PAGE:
"Marie Antoinette" was Sofia Coppola's eagerly awaited follow-up to her critically and commercially successful "Lost in Translation." Though it was not a major hit, the 2006 film won some passionate admirers, including reviewer Roger Ebert, who gave it four stars. The movie is an unusual look at one of history's most fascinating figures.
Princess of Austria
The film opens with teenage Marie living a carefree life in Austria. She is selected to marry the crown prince of France, a young man she has never met, in a potential alliance to the Austrian Empire. Marie travels to the French palace at Versailles and meets the king, Louis XV. There she also meets the future Louis XVI. He seems a bit dim, and there is little chemistry between them. Nevertheless, they are quickly married.
Princess in France
The two naive newlyweds do not consummate their marriage, and Marie becomes the target of intense gossip throughout the French court. She tries to become accustomed the extremely lavish lifestyle of Versailles. The clothes, parties, and rich food are overwhelming. So is the growing hostility from the court, as Marie fails to provide any offspring. She tries repeatedly to excite her husband's sexual interest but is rebuffed. Marie tries to ease her unhappiness through parties, gambling, and flirtations with powerful men.
When Louis XV suddenly dies, Marie's husband ascends the throne, and the concerns about producing an heir become much more urgent. Marie's father, the Emperor Joseph, arrives at Versailles and instructs the young King Louis in the ways of procreation. Soon after, Marie and Louis's marriage is finally consummated and she bears her first child. Relieved of this pressure, Marie begins an affair with a handsome Swedish count.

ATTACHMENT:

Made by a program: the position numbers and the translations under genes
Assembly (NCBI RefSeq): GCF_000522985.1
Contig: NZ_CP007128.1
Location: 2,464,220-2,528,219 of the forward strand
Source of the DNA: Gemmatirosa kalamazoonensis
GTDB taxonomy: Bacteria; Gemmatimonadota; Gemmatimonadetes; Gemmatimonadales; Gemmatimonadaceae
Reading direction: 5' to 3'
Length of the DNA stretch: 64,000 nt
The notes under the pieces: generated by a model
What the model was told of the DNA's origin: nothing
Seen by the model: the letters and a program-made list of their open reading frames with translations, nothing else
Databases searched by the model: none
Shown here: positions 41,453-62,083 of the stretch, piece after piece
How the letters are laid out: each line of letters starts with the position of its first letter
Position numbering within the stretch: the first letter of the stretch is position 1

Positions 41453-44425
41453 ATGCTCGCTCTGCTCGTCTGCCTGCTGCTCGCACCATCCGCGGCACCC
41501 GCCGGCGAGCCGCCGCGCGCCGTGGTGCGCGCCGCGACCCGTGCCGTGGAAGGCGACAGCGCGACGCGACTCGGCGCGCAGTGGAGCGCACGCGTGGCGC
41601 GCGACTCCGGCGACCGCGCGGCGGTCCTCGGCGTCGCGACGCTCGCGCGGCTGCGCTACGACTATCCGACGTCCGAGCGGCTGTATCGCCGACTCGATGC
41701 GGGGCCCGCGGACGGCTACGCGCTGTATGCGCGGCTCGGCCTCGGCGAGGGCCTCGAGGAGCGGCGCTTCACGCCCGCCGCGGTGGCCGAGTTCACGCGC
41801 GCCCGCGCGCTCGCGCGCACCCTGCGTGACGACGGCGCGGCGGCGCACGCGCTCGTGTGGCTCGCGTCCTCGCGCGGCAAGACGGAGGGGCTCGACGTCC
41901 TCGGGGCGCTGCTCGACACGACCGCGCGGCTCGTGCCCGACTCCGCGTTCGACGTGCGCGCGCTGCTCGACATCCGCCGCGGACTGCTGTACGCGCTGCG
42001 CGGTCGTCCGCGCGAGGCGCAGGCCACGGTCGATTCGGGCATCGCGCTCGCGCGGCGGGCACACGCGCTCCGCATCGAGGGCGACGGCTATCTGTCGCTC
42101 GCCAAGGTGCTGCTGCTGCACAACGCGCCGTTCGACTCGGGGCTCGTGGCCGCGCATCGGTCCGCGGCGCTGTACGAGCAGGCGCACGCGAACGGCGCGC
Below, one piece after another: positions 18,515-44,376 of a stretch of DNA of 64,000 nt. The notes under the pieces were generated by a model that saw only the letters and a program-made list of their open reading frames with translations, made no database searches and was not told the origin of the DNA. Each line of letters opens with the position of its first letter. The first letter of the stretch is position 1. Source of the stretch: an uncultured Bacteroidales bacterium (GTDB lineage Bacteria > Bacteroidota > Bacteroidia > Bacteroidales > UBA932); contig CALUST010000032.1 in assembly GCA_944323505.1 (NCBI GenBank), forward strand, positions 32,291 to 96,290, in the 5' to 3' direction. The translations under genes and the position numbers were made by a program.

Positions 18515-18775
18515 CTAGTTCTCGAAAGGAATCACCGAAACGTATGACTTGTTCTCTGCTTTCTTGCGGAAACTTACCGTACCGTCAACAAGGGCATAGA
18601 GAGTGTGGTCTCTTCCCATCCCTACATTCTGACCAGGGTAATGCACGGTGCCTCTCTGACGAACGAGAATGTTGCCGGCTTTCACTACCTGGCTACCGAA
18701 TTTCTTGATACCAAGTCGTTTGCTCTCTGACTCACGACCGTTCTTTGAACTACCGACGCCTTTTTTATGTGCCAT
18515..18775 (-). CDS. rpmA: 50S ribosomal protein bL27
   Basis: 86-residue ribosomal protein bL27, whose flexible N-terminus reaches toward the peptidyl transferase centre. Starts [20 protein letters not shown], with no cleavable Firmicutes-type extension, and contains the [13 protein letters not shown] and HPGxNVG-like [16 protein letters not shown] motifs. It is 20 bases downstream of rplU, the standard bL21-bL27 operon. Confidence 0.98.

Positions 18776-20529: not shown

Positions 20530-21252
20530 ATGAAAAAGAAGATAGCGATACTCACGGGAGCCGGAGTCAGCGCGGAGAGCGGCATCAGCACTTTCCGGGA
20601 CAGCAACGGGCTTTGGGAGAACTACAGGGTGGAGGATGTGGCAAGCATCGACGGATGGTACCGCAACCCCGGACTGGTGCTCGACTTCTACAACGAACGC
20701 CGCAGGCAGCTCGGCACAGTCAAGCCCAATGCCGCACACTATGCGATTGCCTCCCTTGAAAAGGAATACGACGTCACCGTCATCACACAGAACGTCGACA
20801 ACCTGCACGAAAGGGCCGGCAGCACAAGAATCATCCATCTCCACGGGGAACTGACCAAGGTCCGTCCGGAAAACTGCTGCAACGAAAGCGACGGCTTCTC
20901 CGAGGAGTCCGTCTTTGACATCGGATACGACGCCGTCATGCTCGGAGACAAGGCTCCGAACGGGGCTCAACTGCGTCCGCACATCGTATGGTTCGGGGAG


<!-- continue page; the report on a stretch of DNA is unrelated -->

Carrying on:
The kingdom's finances are severely strained by Louis' commitments to fighting Britain in the American Revolution. Marie becomes aware of her deep unpopularity among her many poor subjects, and she resolves to amend her lifestyle. She devotes herself to a simpler, more bucolic life as she continues to produce children for her husband and king. Nevertheless, the film ends with the beginning of the French Revolution and the imprisonment of the royal family. A title card reminds the audience that both Louis and Marie would be beheaded in the Revolution.
- "Marie Antoinette"; Columbia Pictures; 2006
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